What is happening now? What wants my attention? What am I believing? So often, our assumptions of what will happen and what we should feel, based on what we believe from the past, cloud our ability to clearly see the present and our genuine response to it. Acknowledging that expectations will cloud our awareness, we seek to notice exactly what is occurring in the now, especially that which might surprise—or even delight—us. This can be tangential to the interaction with the beloved—e.g., the blue sky overhead, the sun streaming through a window—as well as something about ourselves, the beloved(s), and our interaction. We can also Observe our stories, seeking to do so without engagement: What are we fixated on?; What stories are we repeating?; What are we not noticing?
What do I know? What do I not know? What may I be confabulating? These questions are a great way to check how our inferences are clouding what we are observing. As we notice that we are making inferences, we praise ourselves for the realization, and lovingly return to observing. As Psychotherapist Tara Brach writes in True Refuge, “Each time you meet an old emotional pattern with presence, your awakening to truth can deepen.” As we observe an inference or emotion, we can ask what it is we are believing and perhaps unearth the deep taproot of our stories.
What assumptions have I made to reach this conclusion? When we notice that we have made an inference, investigating from where this assumption arose can help us to see our implicit memories at work (see blog, Implicit and Explicit Knowing). We can determine if these well-trodden neuropathways are serving us well in this situation. If not, what might be a different explanation? If we don’t have the time to investigate our assumptions live time, we can bookmark our observation of an inference, and investigate it more fully at a later time.
Is this story true at the present moment? Similar to the prior question, we can question if our explanation is based on current reality, or on our histories. It is difficult to divest ourselves of our worldview. In counseling, we often help clients confront disconfirmatory evidence to their attributions—pointing out contradictions to their absolutist statements. Similarly, we can start challenging our assumptions by investigating if the story we have written is true right now. In the moment of observing ourselves and our beloved(s), we may only have the capacity to notice our surprise that our narrative is not substantiated by what is actually occurring. This is another thing we can bookmark to investigate at a later time. Recognizing that we are carrying something from a past time or prior relationship into our present is a huge insight—and, opens up many options for how to enhance our agency in current relationships.
How would I tell this story with love for all players? Undoubtedly, we are going to add some amount of interpretation to our observations. As we will be making inferences, we can decide to “assume positive intentions.” Drawing on our appreciation-, care-, and union-love (see blog, What is Love? Part 2), what is the most loving version of the story that we can tell about ourselves, our beloved, and the relationship? Examining our explanations and stories opens up new possible interpretations. As we do this work, we seek to respect our on-going stories (Fear always wants to protect us!), while giving ourselves permission to investigate and revise as desired.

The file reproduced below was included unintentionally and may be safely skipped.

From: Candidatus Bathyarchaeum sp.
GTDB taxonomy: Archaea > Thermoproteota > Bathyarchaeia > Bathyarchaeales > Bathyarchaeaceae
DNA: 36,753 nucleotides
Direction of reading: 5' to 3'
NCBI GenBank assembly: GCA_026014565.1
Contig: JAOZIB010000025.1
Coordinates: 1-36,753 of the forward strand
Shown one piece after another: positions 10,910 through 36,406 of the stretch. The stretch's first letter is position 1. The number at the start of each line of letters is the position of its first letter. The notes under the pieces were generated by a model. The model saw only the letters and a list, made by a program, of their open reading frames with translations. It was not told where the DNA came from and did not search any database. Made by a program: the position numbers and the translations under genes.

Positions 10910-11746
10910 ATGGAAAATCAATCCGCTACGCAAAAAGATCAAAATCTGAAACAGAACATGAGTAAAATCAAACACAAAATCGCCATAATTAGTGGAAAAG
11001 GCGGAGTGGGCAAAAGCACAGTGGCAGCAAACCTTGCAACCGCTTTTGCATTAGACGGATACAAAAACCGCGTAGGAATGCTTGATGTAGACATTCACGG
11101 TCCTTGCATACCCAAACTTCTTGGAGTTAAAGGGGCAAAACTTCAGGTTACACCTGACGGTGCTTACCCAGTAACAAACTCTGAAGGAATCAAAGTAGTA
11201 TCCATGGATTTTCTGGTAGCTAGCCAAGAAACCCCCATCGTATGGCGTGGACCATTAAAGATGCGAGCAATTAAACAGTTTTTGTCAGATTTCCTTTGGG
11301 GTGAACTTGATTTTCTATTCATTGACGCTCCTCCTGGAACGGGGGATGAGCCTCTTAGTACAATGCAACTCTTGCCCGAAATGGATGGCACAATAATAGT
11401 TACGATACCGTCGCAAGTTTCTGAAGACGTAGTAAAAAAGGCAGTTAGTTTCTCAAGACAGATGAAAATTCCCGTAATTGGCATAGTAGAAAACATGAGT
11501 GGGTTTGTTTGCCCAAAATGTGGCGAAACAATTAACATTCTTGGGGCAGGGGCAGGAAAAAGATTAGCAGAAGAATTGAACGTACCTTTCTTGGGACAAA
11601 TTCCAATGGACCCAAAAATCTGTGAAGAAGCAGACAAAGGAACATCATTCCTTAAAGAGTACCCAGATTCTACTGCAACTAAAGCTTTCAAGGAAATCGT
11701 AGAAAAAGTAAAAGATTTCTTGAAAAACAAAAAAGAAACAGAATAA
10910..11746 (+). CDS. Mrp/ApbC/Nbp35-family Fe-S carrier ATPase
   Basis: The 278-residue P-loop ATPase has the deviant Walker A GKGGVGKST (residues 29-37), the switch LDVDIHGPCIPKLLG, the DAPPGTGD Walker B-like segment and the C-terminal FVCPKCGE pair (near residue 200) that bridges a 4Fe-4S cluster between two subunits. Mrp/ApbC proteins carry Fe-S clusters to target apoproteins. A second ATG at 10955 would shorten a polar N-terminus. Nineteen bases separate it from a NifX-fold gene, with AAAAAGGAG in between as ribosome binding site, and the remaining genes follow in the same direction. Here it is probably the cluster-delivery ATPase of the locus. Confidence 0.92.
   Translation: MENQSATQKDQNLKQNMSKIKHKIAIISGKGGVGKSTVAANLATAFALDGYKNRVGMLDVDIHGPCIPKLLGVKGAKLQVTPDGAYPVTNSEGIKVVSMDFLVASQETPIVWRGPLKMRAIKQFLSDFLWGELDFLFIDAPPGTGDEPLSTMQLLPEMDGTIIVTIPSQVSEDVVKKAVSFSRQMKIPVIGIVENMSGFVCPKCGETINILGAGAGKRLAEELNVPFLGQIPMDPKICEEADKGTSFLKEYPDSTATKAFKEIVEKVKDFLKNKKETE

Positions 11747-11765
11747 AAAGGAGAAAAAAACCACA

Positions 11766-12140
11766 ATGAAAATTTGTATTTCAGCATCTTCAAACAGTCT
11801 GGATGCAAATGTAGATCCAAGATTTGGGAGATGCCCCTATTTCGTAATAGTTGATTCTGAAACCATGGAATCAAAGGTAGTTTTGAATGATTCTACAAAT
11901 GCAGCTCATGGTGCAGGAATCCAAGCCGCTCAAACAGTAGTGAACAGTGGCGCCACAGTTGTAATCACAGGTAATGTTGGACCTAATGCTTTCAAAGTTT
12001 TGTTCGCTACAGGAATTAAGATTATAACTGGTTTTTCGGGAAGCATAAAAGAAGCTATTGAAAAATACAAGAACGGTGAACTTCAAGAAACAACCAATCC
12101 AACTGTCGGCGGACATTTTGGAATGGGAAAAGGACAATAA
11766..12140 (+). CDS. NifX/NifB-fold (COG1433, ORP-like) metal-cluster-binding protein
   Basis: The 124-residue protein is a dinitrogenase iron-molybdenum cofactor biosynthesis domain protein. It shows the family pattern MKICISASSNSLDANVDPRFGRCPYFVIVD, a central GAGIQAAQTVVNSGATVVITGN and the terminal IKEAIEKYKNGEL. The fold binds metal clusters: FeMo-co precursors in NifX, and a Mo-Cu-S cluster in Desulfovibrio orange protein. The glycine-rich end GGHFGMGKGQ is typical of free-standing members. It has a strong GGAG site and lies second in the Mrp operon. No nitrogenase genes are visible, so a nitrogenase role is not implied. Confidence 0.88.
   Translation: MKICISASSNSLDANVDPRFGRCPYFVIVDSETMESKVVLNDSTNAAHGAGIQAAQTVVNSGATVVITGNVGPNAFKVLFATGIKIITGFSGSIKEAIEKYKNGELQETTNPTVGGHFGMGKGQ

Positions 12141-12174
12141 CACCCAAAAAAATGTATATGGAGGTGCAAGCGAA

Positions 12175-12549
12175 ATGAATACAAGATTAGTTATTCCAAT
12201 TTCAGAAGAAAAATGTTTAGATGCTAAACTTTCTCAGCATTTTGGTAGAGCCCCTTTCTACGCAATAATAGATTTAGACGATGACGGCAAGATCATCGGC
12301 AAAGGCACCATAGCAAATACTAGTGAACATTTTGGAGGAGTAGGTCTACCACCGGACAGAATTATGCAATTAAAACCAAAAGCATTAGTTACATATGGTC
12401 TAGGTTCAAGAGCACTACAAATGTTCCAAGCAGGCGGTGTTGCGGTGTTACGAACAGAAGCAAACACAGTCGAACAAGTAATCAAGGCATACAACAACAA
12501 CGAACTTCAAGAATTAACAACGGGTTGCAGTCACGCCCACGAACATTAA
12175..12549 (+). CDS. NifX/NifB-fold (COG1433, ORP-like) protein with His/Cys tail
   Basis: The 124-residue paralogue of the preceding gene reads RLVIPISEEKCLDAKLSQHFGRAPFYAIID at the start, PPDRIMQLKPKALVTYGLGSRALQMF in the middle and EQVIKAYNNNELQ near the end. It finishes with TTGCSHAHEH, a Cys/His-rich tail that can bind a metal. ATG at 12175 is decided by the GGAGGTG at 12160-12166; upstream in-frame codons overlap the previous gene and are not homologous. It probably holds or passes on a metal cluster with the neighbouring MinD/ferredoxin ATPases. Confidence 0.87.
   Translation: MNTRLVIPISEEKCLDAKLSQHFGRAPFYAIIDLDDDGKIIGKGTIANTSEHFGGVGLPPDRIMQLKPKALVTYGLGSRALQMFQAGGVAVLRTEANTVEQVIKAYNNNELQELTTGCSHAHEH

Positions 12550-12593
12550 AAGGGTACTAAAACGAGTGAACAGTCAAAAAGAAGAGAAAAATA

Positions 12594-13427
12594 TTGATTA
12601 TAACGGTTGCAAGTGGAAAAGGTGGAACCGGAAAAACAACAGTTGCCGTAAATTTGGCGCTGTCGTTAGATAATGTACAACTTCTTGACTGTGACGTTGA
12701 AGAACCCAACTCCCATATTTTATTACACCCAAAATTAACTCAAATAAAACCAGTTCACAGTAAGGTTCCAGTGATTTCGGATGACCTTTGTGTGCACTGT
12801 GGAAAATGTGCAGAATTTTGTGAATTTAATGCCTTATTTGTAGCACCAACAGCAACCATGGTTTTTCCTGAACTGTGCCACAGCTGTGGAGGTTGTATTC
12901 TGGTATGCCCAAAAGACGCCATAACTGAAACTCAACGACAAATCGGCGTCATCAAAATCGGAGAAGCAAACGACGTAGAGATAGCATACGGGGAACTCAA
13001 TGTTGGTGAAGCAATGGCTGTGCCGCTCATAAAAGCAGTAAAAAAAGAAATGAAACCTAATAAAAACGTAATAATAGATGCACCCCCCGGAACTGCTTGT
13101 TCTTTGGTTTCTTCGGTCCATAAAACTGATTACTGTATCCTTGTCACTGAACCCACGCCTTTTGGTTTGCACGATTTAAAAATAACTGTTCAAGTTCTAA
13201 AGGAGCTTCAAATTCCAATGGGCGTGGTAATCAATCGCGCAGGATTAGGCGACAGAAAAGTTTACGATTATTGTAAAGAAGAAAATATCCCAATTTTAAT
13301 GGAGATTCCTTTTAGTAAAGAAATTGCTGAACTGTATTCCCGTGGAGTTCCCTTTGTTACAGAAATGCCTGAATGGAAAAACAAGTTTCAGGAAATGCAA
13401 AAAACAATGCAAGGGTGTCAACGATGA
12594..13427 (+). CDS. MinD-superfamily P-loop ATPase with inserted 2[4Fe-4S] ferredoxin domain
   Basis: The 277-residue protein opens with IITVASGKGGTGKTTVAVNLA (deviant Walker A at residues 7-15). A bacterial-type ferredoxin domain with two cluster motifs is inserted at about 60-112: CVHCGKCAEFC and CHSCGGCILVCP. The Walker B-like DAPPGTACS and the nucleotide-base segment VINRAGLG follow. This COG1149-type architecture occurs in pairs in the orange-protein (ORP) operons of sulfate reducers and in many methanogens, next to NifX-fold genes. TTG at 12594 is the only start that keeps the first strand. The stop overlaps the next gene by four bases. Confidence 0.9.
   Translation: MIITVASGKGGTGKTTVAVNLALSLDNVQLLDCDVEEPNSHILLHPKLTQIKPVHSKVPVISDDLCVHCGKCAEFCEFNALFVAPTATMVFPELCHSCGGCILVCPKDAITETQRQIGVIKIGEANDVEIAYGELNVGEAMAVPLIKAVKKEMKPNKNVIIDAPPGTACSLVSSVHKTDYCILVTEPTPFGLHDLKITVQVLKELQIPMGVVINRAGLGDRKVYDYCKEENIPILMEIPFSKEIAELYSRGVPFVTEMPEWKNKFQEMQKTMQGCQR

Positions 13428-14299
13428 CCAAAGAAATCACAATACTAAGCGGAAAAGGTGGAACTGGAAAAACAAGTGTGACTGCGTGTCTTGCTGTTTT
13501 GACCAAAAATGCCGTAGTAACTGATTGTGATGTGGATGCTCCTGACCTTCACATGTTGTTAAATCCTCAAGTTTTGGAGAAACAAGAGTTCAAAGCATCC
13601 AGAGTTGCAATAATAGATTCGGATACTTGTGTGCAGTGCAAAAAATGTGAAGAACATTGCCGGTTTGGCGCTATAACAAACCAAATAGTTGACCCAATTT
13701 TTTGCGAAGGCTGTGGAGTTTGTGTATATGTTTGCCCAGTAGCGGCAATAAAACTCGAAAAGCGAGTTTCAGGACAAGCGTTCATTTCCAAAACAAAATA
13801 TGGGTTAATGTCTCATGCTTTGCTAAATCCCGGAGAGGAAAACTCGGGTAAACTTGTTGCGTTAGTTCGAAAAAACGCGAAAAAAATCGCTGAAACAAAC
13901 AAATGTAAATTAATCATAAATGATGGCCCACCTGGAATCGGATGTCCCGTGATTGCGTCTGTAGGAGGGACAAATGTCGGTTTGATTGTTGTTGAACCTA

Where does it hurt? This is the final observing question for me, which I learned from civil rights leader, Ruby Sales. With love, we seek to gently prod our understanding of ourselves and our beloved(s), to identify the pain, the tender places, that which we are protecting. Recognizing where it hurts allows us to not inflict further wounds and prepares us to Empathize (the next step in the LovePOEM). Seeing where it hurts can spark further personal work of acknowledgement, compassion, and healing.
It's not easy to remember to employ these strategies when they would be most useful. This is because we are usually dysregulated to some degree, and fear isn’t an optimal state for learning new behaviors. I have found it helpful to practice pausing and then the above observing techniques in minor disagreements, so that I have these tools more readily available when I most need them—when it feels like my emotional survival is at stake.
Peek-a-Boo; I See You
Observing is not for the faint of heart. I applaud you in your bravery to undertake the practice of observing. And, the riches that will come to you through enhancing your ability to Observe cannot be measured or anticipated—it is the path to Love and agency in your relationships. Zen monk Thich Nhat Hanh councils,
When your mind is in the present moment, you can see deeply what brings you suffering and what brings you happiness. Your concentration and insight will allow you to think, act, and speak with more clarity.
Given our increased insights from Observing, we are now ready to Empathize with ourselves and our beloved.